- The Washington Times - Thursday, May 11, 2006

Strong corporate earnings and global economic growth will propel the stock market higher as the Dow flirts with the all-time record it reached in January 2000 and the S&P; 500 breaches a five-year high, according to noted Wharton finance professor Jeremy Siegel.

But gold is not a good bet for the long term, said Mr. Siegel, known for calling the bull market top in March 2000 and author of the classic “Stocks for the Long Run” and “The Future for Investors.”

“I’m concerned about commodities. I do think they are in a bubble,” Mr. Siegel said in his office in Philadelphia crammed with books, awards and photos of himself with former Fed Chairman Alan Greenspan and billionaire investor Warren Buffett.

Mr. Siegel has long been a proponent of holding stocks for the long term over other securities. But he took heat from investors after proclaiming that Internet stocks were overvalued — soon before the bear market began six years ago.

Question: These are heady times for the market. Can that momentum can be sustained?

Answer: I think so. There are two things that are very positive for stock prices. One is the tremendous earnings growth that we have seen. The number of firms reporting above expectations is very high.

Second, we have a world increase in economic activity. For the first time in more than 20 years, we have Europe, Japan and the U.S., as well as the developing countries, contributing to economic growth. … I think that will also [boost] stock prices.

Q: How does this market compare to the last bull market?

A: I think this is a much healthier market. The bull market that we had in the late 1990s was fueled by speculation in technology and Internet stocks. Today, I see much less speculation.

Q: Will we ever see a roaring bull market like that of the 1980s and 1990s again?

A: That was unprecedented in the 200-year history of the U.S. stock market. We returned 15 to 18 percent per year on average for nearly 20 years. We’ve never had that before. … My feeling is that the memory and the pain of that bubble breaking will be long-lasting on investors and keep them from getting as overenthusiastic.

Q: After years of phenomenal growth, the housing market is slowing down. What’s your take on real estate?

A: I don’t predict a crash. I don’t think it was a tremendous bubble. There were some areas in the country that probably did get overspeculated, and there will probably be a downward adjustment there; but overall, the price rise was justified by the interest rate drop.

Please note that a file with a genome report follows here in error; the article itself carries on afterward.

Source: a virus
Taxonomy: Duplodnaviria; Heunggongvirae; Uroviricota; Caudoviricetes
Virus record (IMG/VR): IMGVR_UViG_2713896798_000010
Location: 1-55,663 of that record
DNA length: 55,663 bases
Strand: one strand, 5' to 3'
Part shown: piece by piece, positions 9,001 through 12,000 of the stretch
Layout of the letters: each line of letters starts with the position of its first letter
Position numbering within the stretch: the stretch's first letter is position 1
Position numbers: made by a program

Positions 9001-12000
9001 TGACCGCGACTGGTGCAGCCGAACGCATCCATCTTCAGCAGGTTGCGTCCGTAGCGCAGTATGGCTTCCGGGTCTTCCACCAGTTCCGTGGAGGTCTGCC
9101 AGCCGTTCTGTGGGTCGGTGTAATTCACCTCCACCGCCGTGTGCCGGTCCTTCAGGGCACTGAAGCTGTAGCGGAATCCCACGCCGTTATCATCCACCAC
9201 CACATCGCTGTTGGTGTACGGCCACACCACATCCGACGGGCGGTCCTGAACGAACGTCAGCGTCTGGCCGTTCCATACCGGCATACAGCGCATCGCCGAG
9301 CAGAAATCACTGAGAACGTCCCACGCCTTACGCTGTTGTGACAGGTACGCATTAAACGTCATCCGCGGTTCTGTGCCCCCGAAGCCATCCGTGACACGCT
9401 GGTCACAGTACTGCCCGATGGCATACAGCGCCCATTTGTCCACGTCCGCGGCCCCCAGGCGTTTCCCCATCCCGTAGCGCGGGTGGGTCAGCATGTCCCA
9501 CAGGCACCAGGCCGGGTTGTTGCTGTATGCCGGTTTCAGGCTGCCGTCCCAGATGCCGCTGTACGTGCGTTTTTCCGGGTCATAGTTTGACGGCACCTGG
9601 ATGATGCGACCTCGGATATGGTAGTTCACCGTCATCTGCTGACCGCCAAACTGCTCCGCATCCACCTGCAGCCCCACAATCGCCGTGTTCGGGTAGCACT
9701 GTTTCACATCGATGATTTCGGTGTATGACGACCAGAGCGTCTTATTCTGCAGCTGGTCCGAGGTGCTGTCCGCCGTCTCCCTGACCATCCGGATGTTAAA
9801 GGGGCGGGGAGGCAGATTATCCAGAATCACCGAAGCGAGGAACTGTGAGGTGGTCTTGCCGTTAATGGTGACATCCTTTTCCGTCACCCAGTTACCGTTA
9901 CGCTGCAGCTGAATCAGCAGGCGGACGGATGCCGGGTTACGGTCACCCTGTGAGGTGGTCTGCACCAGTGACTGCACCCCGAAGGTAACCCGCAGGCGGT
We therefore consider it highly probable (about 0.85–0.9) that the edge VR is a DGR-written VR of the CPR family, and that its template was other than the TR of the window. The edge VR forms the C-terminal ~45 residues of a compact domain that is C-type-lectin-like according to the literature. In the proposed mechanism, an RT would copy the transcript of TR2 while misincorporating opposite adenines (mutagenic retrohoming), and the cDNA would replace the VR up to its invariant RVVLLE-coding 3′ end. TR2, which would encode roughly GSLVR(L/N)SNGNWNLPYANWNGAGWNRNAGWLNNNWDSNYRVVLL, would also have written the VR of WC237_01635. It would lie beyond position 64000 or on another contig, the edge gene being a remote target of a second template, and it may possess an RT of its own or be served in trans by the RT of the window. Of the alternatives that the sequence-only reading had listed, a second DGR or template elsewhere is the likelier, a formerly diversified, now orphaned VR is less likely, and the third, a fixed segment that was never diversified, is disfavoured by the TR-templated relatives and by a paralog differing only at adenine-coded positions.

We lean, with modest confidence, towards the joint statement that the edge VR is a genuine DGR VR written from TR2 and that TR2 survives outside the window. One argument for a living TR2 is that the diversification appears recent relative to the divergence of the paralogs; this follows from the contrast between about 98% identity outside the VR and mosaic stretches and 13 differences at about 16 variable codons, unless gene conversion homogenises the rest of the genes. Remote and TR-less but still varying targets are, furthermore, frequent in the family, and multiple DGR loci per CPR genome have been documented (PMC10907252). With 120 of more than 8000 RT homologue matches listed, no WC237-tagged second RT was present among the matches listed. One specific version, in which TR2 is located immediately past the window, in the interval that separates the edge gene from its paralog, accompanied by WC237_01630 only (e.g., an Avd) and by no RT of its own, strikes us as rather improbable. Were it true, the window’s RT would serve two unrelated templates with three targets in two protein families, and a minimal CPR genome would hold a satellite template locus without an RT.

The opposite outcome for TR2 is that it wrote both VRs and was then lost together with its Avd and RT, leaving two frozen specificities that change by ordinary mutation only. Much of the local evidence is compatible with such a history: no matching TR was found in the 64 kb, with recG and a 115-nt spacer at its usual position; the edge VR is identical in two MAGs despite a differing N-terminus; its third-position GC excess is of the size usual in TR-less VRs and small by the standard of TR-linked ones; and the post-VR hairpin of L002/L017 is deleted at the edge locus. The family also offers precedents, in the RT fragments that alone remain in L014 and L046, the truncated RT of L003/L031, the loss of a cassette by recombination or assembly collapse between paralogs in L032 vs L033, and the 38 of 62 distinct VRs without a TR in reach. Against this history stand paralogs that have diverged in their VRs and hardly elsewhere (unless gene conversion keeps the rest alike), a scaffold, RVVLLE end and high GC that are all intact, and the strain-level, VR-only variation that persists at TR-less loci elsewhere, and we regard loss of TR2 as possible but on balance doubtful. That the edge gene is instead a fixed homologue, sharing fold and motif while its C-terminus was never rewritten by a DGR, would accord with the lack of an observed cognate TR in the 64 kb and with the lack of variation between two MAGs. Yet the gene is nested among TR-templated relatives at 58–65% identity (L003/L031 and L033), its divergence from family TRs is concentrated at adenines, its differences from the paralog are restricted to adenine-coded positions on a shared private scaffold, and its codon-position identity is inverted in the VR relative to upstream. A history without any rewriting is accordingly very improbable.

But because rates are higher, we are probably entering a long period where real estate prices will be fairly flat.

Q: Gold prices recently reached $700 an ounce. Is that the place to be?

A: I’d say no. I’m concerned about commodities. I do think they are in a bubble. I think we have a lot of money chasing commodity funds because their returns have been so spectacular.

But precious metals have not proved to be good long-term investments. Leave them to the speculators. I think that market is dangerous.

Q: How can an investor profit from the run-up in oil prices?

A: The best way really is to own energy shares. … Now, energy has gone up tremendously, so I don’t want anyone to overweight [it].

Q: What’s your outlook on the dollar?

A: The dollar has taken a bit of a hit here and I think that that’s partly related to really short-term factors.

But in the long run, I’m not bearish on the dollar in contrast to those who worry about the very large and growing current account and trade deficits.

I see … an offsetting strength of the dollar in the desire of the booming, developing countries to hold dollar-denominated assets.

Q: What do you think the Fed should do, given inflation fears from higher energy prices?

A: We have raised interest rates dramatically. … My feeling is that that has already turned the housing market and it will turn the commodity market. Once those two sectors are stabilized, long-term inflation is under control.

The Fed has to be very careful about overtightening, going too far. They must realize, as I think they do, that it might be wise to pause and assess the situation.

Q: What’s your take on the new Fed chairman, Ben S. Bernanke?

A:I know him. I think an excellent choice.

Q: You’ve said that investors often make the mistake of buying into the fastest-growing stocks because they tend to be overpriced. You also said that the best-performing investments are found in shrinking industries and in slower-growing countries.

A: People confuse growth with return.

I found, in my historical studies, that growth stocks, particularly small growth stocks, are in fact often overpriced by the market. Even though a number of them go on to grow, the vast majority don’t live up to expectations. Sometimes slow-growing companies that are profitable and return cash to shareholders and give dividends have proved to be the best stocks in the long run.

The same thing holds with countries. The fastest-growing country over the last 20 years is China and yet it has had the worst dollar returns for investors — again, overpriced securities.

You must look at the price relative to earnings and the dividend yield.

Q: Do you see an era of declining influence and power of the Western countries?

A: I see a drop in the share of the economy that Western powers will occupy in the coming years. My own projection is that … China’s economy could be as big as the U.S., Canada, Western Europe and Japan put together by 2050.

Q: Given your projection of the importance of globalization, how should one allocate assets?

A: I’ve recommended that up to 40 percent of your equity assets should be in stocks that are headquartered outside the U.S. … We have to recognize that over half of the world’s capital today is outside the U.S., and that will be growing dramatically in the coming years.

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